Black Bears are getting a lot of attention these days, and it can be difficult to assess fact vs. fiction. The Department of Natural Resources is responsible for managing the Black Bears as well as all the other wild animals in the State. Outlined below are all facts.
In 2004, Maryland DNR implemented a comprehensive 10-Year Black Bear Management Plan. The Plan guides the long-term management of this important resource. The Plan was developed based on scientific management practices and extensive public involvement.
In 2002, DNR formed a Black Bear Task Force comprised of citizens from across Maryland. The Task Force was commissioned to review DNR progress on the previous 10-year management plan, solicit input from the public regarding black bear management, and offer management recommendations to DNR for consideration in the 2004 management plan. The resulting 10-Year Black Bear Management Plan will guide DNR in managing the bear population in Maryland through 2013.
Black bears are highly intelligent animals. They have the
distinction of being the largest land mammal found in Maryland. They live in forested areas,
primarily in Western Maryland. Maryland’s occupied bear range includes Garrett, Allegany, Washington, and Frederick counties. Our surrounding states of Pennsylvania, Virginia and West Virginia are also home to healthy populations of black bears. The black bear population in Maryland consists of approximately 600 bears that are primarily located in Garrett, Allegany and Washington Counties.
The good news is that DNR has been successful in its efforts to recover this population
to a thriving population. However with a growing black bear population coupled with a
growing human population conflicts with humans have
increased substantially over the past 10 years.
With the increase in the bear population and residential expansion in Western
Maryland, there are an ever increasing number of bear / human conflicts.
Including a steady rise in the number of bears hit by automobiles. Last year over
41 bears were struck by vehicles.
In 2007, more than 350 black bear nuisance complaints were reported to WHS staff. More than 80 of these complaints were responded to after-hours by the Garrett County Black Bear Response Team.
When DNR receives a call or encounters a nuisance or “problem bear” we follow the tenets of our Nuisance Response Plan. Developed in 1996 and updated in 2003, this plan calls for DNR to assess each individual situation and provide one or more of the following:
While some citizens have taken into their own hands to resolve the issue by illegally shooting the
bear, DNR has a Black Bear Response team to handle such emergencies.
The 6- person team shares the responsibility of responding to all after hour bear complaint calls in Garrett County.
Each week 2 team members are on call 24 hours a day 7 days a week from April through November.
- Technical guidance to the affect landowner
- Trap and aversively condition problem bears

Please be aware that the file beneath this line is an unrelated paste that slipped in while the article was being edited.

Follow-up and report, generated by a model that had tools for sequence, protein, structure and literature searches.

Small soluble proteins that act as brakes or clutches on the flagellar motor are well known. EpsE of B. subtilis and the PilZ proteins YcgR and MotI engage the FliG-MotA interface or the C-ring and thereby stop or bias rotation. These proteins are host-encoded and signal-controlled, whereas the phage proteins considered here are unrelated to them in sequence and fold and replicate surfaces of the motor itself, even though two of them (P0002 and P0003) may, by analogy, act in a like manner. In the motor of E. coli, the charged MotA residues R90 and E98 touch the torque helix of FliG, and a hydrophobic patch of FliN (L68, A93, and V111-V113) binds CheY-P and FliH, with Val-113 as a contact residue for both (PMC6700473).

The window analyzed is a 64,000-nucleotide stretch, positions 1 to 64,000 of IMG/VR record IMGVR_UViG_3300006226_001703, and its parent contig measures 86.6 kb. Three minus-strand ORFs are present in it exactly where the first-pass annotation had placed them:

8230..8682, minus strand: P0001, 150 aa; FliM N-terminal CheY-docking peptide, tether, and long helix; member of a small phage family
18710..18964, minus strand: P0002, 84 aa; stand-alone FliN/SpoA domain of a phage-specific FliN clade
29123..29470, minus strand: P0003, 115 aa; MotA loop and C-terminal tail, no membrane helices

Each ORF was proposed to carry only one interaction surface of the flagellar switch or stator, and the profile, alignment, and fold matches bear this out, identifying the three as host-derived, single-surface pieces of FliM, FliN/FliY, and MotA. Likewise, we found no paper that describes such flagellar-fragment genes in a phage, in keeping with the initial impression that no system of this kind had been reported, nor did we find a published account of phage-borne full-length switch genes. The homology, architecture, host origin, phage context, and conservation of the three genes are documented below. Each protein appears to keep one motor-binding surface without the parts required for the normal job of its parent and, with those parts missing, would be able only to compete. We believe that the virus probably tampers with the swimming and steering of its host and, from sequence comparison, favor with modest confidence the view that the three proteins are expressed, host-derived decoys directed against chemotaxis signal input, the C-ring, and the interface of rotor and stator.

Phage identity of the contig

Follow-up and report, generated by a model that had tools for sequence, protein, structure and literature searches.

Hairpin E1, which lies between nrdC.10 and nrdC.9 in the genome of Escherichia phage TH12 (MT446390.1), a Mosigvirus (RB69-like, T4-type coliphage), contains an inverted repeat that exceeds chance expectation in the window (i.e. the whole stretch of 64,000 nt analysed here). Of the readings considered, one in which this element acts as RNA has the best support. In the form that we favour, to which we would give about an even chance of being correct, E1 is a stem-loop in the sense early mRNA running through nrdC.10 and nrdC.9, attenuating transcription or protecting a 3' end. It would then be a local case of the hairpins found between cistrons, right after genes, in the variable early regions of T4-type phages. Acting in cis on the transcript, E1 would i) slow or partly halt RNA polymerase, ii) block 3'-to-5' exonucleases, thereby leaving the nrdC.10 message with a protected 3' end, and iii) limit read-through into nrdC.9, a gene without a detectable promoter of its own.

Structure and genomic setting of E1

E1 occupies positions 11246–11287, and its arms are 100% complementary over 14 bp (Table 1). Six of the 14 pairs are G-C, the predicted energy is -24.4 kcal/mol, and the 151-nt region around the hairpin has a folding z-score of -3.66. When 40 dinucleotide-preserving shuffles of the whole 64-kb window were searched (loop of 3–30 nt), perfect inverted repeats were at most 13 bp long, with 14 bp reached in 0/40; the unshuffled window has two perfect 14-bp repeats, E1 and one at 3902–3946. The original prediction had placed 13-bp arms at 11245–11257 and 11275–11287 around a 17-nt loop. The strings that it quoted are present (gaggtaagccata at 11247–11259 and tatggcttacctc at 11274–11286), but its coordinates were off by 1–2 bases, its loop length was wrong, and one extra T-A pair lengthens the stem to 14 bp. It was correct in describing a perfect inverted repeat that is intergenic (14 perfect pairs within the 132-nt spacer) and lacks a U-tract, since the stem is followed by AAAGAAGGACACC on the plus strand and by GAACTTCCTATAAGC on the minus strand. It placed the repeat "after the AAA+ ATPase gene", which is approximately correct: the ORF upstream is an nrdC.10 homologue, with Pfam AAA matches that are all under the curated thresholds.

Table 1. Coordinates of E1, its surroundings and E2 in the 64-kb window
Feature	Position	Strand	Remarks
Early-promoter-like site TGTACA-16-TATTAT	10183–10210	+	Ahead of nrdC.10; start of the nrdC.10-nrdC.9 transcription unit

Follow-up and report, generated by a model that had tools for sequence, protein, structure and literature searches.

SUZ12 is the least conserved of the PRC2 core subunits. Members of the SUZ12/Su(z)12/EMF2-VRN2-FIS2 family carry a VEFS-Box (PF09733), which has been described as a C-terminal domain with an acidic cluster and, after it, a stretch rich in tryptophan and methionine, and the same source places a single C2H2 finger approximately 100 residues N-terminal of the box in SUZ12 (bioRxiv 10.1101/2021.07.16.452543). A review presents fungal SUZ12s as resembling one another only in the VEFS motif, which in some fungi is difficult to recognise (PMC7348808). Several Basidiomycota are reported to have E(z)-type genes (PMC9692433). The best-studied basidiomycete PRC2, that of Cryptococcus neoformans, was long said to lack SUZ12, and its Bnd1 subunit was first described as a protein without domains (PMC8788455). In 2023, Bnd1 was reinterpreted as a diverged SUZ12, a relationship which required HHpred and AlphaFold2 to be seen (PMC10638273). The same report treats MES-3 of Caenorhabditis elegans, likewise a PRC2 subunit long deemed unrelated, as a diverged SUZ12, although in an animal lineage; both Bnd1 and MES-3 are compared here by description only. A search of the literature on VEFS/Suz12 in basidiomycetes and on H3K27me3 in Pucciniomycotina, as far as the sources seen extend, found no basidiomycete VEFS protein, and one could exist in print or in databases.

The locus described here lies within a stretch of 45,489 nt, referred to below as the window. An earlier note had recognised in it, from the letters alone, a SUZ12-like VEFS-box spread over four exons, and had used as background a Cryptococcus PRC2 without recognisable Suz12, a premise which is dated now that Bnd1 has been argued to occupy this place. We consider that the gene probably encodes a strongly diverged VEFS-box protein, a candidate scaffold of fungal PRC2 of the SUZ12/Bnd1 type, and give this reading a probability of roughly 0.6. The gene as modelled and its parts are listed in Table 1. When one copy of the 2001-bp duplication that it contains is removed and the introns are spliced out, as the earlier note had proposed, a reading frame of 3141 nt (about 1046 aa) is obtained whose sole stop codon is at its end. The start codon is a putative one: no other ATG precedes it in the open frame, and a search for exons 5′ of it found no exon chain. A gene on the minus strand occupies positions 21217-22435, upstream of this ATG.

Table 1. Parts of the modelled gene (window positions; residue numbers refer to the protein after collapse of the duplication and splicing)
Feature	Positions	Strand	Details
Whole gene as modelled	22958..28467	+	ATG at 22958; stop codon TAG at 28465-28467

- Trap and aversively condition repeat problem bears
- Chase problem bears with dogs.
- Euthanize chronic nuisance bears
In 1993, DNR launched a comprehensive campaign to educate the public about black bears.
Year round efforts include:
The message to all of these groups is clear: problems with black bears can and should be avoided.
(Learn how to live with Bears)
- Working with rental agencies in bear country to assist in educating visitors on bear proofing their vacation home.
- Working with local municipalities to promote the use of bear proof trash receptacles.
- Speaking engagements across the state to school groups, community associations, environmental centers and local associations promoting the DNR’s “Living With Black Bears” campaign.
- Working with individual landowners experiencing bear problems and instructing them on proper ways to discourage bear visits.
- Working with beekeepers and providing technical assistance including electrical fencing around hives.
- The Black Bear Education Trunk, which is a teaching resource available to educators across the state, is available through the DNR to all educators.
- An assortment of literature on bears in Maryland and Living with Black Bears.
- Providing information to state and local law enforcement agencies on proper protocol for nuisance bear situations.
Black bears are an important component of our natural ecosystem. They are considered an umbrella
species, and as such have been used by forest managers to monitor forest health. Since black bears
use such a diversity of habitats throughout their annual lifecycle, their presence or absence can
be used as an indicator to identify a particular component of the habitat that may be missing or
The 10-Year Black Bear Management Plan will guide black bear management strategies in Maryland through December 2013. The plan will ensure the state’s black bear population is managed based on sound scientific principles and informed public input.
DNR’s proposed hunt is just one of several options that the DNR will use to manage bears of the black bear management plan. Other components include:
Additionally, the management plan was developed from the recommendations of the Black Bear
Task Force, a 12-member group of public and private citizens representing a diverse range
of ideological beliefs. In their recommendations, they recommended that DNR have the option
to hold a bear hunt to control the bear population.
- Additional in-depth studies of the bear population and its habitat.
- Public attitude surveys to determine changing public opinions on black bears
- Enhance black bear education efforts across the state.
- Assist local communities with resolving and discouraging nuisance bear problems.
- Develop additional funding sources for managing this forest game species.
- Continue aversive conditioning of bears.
For more information on bear-proofing your home or to report a nuisance bear call:
- Garrett County
- Allegany County
- Washington and